A sodium-based battery is one that combines sodium with a compound called inositol. Developed by researchers at Stanford University in October 2017. The sodium in the new battery binds to a compound called inositol, an organic compound commonly found in household products, including infant formula. Just as sodium is much more abundant than lithium, rice furfuryl alcohol is easily extracted from rice bran and can also be found in by-products produced during corn processing.
The main principle of sodium-based batteries
In sodium-ion batteries, sodium ions can attach to inositol, a common compound extracted from the liquid by-product of rice bran or corn processing. The new combination of sodium ions and inositol significantly improves ion cycling in sodium-based batteries, allowing ions to move more efficiently from the cathode through the electrolyte to the phosphorus anode, resulting in a stronger electrical current.
One of the biggest hurdles facing sodium- and potassium-based batteries is that they decay and degrade faster than lithium-ion batteries and have lower energy densities. But that's not always the case. When the researchers studied the reaction of lithium, sodium and potassium ions with iron sulfide particles, they found that sodium and potassium were more stable with iron sulfide during the reaction, suggesting that batteries based on sodium or potassium may have a longer lifespan than expected. .
The difference between sodium-based batteries and lithium-ion batteries
1. The charge carriers inside the battery are different. Lithium-ion batteries are charged and discharged through the movement and conversion of lithium ions between the positive and negative electrodes, while sodium-ion batteries are achieved by the intercalation and deintercalation of sodium ions between the positive and negative electrodes. Actually both work the same way.
2. The ionic radii of the two are different, and the difference in radii makes the performance of the sodium-ion battery far inferior to that of the lithium-ion battery; the lithium-ion negative electrode can make graphite, but the sodium ion is difficult to be de-intercalated/inserted into the graphite, and the capacity is very small. Other carbon materials can reach more than 300 mA hours after processing; the ion capacity of the positive electrode is very small, only more than 100 mA hours; due to the large radius, the insertion/de-insertion resistance of sodium ions in the positive and negative electrodes is very large; the reversibility is poor, irreversible Large capacity loss.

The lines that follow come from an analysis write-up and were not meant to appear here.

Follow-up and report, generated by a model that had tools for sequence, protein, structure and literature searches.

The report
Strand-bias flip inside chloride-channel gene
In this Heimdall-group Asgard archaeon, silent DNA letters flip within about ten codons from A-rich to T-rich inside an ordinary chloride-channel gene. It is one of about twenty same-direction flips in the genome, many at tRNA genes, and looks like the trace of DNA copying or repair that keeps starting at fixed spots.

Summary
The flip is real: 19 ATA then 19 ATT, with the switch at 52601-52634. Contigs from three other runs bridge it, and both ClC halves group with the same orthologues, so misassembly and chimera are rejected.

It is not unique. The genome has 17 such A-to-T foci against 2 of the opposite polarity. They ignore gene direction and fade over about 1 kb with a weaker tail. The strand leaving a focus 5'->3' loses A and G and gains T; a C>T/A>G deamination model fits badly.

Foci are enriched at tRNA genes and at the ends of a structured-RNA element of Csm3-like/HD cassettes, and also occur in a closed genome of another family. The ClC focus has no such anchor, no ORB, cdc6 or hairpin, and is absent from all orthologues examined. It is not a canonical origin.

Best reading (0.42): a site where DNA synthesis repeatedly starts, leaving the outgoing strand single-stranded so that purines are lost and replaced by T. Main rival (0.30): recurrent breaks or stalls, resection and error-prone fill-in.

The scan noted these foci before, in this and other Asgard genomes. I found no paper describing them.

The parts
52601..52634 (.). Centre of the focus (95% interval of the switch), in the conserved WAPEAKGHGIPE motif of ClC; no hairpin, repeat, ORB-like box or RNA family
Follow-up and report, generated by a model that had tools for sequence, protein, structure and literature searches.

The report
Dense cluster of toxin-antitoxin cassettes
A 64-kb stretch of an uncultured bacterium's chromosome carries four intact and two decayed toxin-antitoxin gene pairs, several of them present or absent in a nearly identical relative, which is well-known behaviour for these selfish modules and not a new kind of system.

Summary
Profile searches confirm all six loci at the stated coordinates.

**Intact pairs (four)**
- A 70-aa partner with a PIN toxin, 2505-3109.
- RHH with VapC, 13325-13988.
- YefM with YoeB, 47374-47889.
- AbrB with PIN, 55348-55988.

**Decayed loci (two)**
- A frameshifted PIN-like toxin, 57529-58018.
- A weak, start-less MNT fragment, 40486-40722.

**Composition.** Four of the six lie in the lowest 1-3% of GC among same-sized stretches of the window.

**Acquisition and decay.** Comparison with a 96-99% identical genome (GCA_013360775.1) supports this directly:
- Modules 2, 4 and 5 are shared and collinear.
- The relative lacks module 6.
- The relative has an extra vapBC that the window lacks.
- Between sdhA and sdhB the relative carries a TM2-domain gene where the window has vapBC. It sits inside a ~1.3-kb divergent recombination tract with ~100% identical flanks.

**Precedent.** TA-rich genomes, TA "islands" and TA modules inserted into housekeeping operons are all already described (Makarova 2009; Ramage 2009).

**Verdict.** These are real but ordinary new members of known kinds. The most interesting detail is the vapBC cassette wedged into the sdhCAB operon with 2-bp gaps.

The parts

At present, the technical core of new energy vehicles lies in lithium-ion batteries, but now there is a sodium-based battery that can store the same energy as the latest lithium-ion batteries at a lower price. Material prices account for a quarter of battery prices. Lithium-ion batteries have been around for 25 years and dominated an important market, but lithium is becoming scarcer and more expensive to mine. To that end, scientists have found that sodium can also store ions, and that batteries are cheaper and more powerful to make.
While the new sodium-based battery may never meet the needs of electric car manufacturers, researchers believe it will help store energy from sustainable sources such as solar panels and wind turbines.